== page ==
Bacteria drive biochip sensor

July 27/August 3, 2005

Researchers are working to connect living cells to computer chips to gain the best of both worlds. Living cells are terrific sensors, and can also be used to evaluate and emulate biological behavior, while electronics are exemplary at serving up data.

Researchers from Tel Aviv University in Israel have built an electrochemical nano-biochip that detects toxic water.

It could eventually be used to detect pollution and chemical warfare threats, according to the researchers.

The chip connects electronics with genetically-engineered bacteria that respond strongly to environmental stress. The advantage of using bacteria to detect toxicity is the bacteria are non-specific detectors, meaning they will react to any substance that causes them harm.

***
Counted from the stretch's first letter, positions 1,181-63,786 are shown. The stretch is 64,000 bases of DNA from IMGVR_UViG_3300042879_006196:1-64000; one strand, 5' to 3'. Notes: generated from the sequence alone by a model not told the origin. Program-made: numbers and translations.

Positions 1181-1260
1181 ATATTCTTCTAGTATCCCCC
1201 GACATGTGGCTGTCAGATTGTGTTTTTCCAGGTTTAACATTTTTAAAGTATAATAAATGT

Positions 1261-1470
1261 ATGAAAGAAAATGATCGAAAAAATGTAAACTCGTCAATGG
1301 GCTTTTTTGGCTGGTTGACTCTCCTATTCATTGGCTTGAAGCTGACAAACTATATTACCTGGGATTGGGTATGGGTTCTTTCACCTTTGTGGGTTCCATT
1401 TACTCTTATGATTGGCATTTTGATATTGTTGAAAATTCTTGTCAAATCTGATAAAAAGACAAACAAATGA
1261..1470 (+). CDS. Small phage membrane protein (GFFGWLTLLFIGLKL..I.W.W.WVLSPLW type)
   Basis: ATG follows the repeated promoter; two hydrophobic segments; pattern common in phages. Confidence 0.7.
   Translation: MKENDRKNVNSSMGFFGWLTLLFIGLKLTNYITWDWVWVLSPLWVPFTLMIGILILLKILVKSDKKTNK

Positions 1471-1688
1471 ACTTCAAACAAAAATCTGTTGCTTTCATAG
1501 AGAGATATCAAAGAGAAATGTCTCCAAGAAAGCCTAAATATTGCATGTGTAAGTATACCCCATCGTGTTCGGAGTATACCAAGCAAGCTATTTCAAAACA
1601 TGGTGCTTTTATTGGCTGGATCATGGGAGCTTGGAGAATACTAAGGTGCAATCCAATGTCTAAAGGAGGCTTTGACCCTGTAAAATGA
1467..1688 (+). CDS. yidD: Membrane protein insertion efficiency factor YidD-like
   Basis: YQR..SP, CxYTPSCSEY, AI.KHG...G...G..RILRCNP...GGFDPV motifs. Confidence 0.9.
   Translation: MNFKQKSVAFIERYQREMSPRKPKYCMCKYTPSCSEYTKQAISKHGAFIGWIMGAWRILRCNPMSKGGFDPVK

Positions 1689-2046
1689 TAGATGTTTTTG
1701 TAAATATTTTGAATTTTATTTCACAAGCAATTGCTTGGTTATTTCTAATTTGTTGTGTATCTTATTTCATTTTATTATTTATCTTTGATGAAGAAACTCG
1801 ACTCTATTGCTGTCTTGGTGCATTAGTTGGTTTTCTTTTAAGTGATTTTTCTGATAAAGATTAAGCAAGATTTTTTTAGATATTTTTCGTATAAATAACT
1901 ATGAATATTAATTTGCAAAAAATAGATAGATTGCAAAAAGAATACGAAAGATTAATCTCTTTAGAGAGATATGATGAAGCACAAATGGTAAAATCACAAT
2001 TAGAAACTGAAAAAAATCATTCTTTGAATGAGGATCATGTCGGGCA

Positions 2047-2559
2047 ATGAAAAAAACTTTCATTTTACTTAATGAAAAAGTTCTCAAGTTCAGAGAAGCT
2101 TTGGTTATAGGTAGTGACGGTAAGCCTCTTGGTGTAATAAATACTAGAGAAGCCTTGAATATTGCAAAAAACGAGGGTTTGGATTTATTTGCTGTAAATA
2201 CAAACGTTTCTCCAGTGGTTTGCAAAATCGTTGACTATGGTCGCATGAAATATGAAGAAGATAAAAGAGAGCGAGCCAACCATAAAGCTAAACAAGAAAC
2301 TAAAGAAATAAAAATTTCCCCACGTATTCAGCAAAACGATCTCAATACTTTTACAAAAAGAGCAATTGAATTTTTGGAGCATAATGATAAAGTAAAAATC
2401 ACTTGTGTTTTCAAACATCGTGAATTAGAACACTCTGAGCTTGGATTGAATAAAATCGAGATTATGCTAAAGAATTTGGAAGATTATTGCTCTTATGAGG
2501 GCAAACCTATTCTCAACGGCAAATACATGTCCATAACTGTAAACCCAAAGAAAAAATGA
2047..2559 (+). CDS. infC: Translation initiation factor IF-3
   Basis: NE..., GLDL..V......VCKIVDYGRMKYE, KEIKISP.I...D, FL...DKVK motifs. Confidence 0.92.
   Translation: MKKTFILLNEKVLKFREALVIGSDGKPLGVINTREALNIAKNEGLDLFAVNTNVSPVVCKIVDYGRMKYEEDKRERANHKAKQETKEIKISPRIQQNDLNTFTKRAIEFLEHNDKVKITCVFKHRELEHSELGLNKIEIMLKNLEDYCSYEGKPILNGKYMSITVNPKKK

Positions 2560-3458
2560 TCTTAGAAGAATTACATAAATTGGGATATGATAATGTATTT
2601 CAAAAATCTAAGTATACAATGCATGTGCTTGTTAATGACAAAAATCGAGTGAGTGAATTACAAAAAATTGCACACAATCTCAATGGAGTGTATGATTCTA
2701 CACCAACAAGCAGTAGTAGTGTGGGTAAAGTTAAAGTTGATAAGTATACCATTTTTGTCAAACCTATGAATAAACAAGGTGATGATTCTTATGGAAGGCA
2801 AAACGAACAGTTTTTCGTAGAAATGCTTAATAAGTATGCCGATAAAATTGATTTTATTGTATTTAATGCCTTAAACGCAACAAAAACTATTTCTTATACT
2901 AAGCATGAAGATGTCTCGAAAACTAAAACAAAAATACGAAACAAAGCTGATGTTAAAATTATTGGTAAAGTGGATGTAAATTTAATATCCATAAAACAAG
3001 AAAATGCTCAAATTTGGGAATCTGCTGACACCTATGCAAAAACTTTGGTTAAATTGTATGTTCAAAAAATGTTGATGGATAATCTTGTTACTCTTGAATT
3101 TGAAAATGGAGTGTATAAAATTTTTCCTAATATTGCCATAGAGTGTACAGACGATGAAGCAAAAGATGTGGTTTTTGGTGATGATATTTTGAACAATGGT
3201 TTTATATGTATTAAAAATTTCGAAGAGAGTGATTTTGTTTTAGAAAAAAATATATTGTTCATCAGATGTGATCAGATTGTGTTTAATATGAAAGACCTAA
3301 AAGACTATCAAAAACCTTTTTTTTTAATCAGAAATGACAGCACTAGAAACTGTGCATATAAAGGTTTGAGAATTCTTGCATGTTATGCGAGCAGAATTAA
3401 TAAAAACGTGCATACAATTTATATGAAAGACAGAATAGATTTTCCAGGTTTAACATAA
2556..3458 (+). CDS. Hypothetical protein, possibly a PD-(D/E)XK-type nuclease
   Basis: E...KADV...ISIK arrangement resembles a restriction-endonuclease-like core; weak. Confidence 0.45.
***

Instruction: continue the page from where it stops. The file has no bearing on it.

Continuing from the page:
The researchers' proof-of-concept chip joins the electronics with the bacteria using an electrochemical interface. The bacteria's reaction to the presence of a toxic substance triggers a series of chemical reactions that results in an electrical signal being detected by electrodes on the chip.

The device is portable, relatively inexpensive, handles 100-nanoliter-size water samples, and evaluates water toxicity in about 10 minutes. A nanoliter is one millionth of a milliliter. There are about 5 milliliters to a teaspoon.

The method could be used in practical applications within a year, according to the researchers. The work appeared in the June 8, 2005 issue of Nano Letters (Novel Integrated Electrochemical Nano-Biochip for Toxicity Detection and Water).

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